Pharma Balks at German Price Control (BAYRY, RHHBY)

    Drug makers are worried about a proposed new German law that would tighten price controls on prescription drugs.
  3. Investing

    Using DCF In Biotech Valuation

    Valuing firms in this sector can seem like a black art, but there is a systematic way to pin a price on potential.
  4. Insights

    Drug Prices Gone Wild: Hospitals Feel Pain of Increases

    Hospitals and patients are suffering as prices soar for both branded and generic drugs
  5. Insights

    8 Stages Of New Drug Development

    Understanding biotech data isn't easy. What is a clinical trial, what are the various phases, and why do the results of these trials and applications often create double-digit moves in the price ...
  6. Insights

    The Industry Handbook: Pharma Industry

    Learn about the pharmaceutical industry and discover the forces that influence this highly profitable and dynamic sector.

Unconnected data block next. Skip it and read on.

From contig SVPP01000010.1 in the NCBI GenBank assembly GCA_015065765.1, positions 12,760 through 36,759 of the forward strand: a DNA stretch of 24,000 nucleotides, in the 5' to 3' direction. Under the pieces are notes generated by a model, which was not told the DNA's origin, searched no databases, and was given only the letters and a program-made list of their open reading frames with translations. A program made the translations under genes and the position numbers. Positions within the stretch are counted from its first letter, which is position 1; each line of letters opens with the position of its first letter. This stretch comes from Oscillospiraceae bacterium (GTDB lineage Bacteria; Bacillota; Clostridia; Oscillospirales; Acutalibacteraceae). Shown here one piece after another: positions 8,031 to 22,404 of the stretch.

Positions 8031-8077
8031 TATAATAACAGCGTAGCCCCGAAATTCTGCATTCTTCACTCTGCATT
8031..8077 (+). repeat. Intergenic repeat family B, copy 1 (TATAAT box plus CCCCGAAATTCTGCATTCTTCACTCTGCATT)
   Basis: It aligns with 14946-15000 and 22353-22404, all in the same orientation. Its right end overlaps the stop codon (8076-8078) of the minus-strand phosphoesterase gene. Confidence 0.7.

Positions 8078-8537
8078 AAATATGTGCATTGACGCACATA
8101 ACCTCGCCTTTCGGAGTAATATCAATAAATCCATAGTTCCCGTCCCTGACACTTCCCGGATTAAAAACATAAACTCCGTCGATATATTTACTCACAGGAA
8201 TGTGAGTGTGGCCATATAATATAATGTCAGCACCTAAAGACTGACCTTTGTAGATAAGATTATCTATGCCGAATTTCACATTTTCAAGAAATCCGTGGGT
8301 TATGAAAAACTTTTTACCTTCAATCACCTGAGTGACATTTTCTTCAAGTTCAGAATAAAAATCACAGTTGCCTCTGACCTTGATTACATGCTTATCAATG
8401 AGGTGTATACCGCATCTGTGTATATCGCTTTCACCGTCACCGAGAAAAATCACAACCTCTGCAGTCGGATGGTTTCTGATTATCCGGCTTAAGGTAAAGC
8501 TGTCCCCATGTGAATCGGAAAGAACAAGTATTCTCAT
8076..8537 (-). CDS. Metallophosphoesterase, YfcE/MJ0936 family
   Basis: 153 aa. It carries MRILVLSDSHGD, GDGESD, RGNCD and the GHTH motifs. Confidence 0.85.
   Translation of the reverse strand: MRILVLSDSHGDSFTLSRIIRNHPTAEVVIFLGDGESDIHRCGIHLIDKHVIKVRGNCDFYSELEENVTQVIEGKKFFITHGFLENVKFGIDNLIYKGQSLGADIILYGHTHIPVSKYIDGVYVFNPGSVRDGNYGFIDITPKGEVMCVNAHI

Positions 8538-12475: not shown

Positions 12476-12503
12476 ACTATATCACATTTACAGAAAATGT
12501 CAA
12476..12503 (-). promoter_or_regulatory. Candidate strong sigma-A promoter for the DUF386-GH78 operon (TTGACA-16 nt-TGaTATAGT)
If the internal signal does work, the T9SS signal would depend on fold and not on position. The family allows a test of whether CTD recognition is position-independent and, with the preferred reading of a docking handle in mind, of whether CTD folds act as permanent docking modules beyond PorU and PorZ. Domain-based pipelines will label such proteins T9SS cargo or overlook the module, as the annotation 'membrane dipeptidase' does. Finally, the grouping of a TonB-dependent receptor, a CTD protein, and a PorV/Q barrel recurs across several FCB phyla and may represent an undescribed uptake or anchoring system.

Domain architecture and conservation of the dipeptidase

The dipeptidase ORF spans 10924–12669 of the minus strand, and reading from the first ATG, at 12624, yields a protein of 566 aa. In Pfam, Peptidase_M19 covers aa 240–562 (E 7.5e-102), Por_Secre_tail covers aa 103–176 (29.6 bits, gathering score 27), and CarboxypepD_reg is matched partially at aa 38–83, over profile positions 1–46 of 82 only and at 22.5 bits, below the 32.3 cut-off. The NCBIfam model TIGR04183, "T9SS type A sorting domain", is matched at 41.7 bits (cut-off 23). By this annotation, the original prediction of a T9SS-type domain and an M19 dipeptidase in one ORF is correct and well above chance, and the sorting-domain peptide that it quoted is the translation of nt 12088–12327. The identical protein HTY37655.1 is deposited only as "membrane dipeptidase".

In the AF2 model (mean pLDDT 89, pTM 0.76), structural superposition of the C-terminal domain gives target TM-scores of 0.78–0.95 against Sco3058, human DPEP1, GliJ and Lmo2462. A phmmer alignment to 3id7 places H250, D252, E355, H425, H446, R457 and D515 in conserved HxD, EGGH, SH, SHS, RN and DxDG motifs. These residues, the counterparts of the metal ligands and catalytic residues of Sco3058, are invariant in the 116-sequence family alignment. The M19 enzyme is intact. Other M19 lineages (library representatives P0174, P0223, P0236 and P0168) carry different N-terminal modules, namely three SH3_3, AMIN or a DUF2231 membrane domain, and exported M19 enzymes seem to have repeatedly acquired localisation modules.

7. Investing

    Cost of Old Cancer Drugs Rises in EU Amid Outcry

    The prices of several off-patent cancer drugs have soared more than 100% in Europe.
  8. Investing

    Evaluating Pharmaceutical Companies

    Learn how to find a healthy pharmaceutical investment in a market full of weak drugs.
  9. Investing

    Drug Supply Chain May Be Driver of High Drug Prices

    Non-manufacturing stakeholders in the drug pricing system are the ones contributing to high prices.
  10. Insurance

    The Cancer (and Other Drug) Shortage

    Your doctor may not tell you, but even in the U.S., life-saving drugs can be in short supply. Here's what to know and do.
  1. What are the major barriers to entry for new companies in the drugs sector?

    Find out why barriers to entry for U.S. drug companies are so high and how the Food and Drug Administration, or FDA, inhibits ... Read Answer >>
  2. Can your insurance company drug test you?